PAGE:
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Tulsi Tea - Enjoy the Health Benefits of a Daily Cup

Tulsi tea is one of the most favorite teas used in my office. Every week I have to replace my supply of it in my complimentary tea bar. One reason is because it just tastes good. Another reason is that I have been teaching my patients about its benefits. You get a great "pick me up feeling" from it and it does not have caffeine in it.

Ocimum sanctum, called Tulsi in India, is common in Hindu tradition. Also known as Holy Basil, it is the most revered of all household plants in India. Holy Basil is used as a healing herb and is considered the reincarnation of Visnu. Therefore, it is considered "sacred".

The latest research has shown that the most relevant benefit of Tulsi tea is that it protects from the effects of radiation. The recent events in Japan following the great earthquakes are still playing out. The radiation leakage has not been stopped, even now as I write this article on May 28, 2011.

Research on the effects of Tulsi tea also show that it improves a weak immune system, lowers cholesterol, decreases high blood pressure, increases lung health, aids in indigestion, and helps to balance blood sugar.

It is very important to note that folks with HIV can benefit greatly from having a daily cup of the tea. Also, although I do not endorse smoking anything, it is critical for smokers to have Tulsi tea as the research tells us that it helps regenerate tissue of lungs.

As previously mentioned, Tulsi tea is also known as Holy Basil. It is an easy plant to grow and very common in many households in India. Holy Basil comes in two forms - a green plant and a purple one. With purple stems is called Krishna Tulsi and the green form is called Rama Tulsi. It is said that in Indian folklore if you eat three leaves of fresh Holy Basil that you will prevent any diseases.

Tulsi is one of the most researched plants in ayurvedic pharmacology. It has been shown to have the highest amount of anti-oxidant value of all other researched ayurveda herbs. It is an erect sweet-scented pubescent herb, 30-100cm in height, growing in abundance near cultivated field gardens and wastelands. Its leaves, seeds, and whole plant are useful. Also check more about Ocimum Sanctum and Benefits of Jaggery .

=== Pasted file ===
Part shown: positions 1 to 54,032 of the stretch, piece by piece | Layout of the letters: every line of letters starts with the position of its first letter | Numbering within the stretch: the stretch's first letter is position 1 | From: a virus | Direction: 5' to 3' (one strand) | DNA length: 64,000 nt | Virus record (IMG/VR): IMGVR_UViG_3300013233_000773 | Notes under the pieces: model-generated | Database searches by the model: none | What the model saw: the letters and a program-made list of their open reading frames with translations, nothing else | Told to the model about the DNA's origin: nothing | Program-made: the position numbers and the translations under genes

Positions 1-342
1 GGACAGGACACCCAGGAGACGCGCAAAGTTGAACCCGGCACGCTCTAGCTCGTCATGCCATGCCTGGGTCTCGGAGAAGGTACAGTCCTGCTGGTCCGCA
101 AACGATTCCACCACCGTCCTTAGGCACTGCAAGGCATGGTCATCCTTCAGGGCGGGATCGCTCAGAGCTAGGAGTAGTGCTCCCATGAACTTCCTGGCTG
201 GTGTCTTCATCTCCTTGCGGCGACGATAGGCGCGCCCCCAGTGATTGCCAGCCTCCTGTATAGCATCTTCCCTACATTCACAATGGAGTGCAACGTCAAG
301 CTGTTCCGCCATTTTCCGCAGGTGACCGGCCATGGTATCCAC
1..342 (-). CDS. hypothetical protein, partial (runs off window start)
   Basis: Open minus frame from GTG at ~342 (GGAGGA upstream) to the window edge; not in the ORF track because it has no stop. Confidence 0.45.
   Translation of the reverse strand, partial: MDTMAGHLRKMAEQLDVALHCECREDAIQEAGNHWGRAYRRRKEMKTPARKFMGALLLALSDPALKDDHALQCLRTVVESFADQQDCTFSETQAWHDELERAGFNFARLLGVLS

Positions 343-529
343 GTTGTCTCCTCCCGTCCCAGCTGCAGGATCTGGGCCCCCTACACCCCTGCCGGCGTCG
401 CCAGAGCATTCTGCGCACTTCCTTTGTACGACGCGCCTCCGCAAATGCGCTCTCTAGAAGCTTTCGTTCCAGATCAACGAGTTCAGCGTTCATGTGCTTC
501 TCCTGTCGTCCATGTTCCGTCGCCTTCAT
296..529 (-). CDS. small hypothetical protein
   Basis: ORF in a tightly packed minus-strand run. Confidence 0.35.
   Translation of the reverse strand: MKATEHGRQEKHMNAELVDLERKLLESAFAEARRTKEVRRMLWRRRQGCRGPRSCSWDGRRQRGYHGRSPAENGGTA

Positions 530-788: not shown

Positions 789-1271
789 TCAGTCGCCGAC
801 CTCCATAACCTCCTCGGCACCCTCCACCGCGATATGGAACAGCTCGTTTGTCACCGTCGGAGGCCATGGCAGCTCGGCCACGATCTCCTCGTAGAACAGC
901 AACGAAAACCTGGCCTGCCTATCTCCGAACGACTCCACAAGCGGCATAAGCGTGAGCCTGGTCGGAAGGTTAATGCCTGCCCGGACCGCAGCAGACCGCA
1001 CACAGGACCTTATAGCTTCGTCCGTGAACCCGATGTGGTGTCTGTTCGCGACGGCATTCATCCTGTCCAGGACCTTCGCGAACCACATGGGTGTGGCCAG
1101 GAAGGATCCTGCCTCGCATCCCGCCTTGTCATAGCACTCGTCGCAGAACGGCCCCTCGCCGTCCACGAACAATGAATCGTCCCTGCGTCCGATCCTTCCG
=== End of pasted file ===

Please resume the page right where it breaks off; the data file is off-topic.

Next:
Tulsi offers a wide spectrum of health benefits even from just one cup of tea. The nutrients identified in it are calcium, vitamins A and C, zinc, iron and chlorophyll. It is ill advised to drink more than two cups of it per day. One is probably a better idea, as it is strong; definitely more is not better. It also has a heating effect so if you are hot or having hot flashes then Tulsi tea will not be good for you that day.

Tulsi is considered a rasayana in ayurvedic medicine. This means it is a herb that helps increase perfusion at the tissue level which helps nutrients to be absorbed into cells. Just as with hot peppers that have a hot taste, Tulsi has a taste that is sweet, pungent, and astringent and has a post digestive heating effect. It increases pitta, which is why if you are hot or tend to run hot then this is not the tea for you. This, however, does not apply in the case of a true fever as Tulsi is very helpful to reduce a fever. The procedure in reducing fevers is to take Tulsi with pepper. This induces sweating to help clear clogged channels and bring down the fever.

Tulsi is wonderful if you are breathless on simple exertion. Of course, it is always important to consult a doctor if you are breathless on exertion or are experiencing any serious or continuing breathing problems.

The following is a recipe used for the common cold, cough or sinus congestion.

Take 1/4 tsp. of ginger, 1/2 tsp. of Turmeric, and 1/2 tsp. of Tulsi. Boil these ingredients in one and half cups of water. Boil down to one cup. Do this two to three times a day.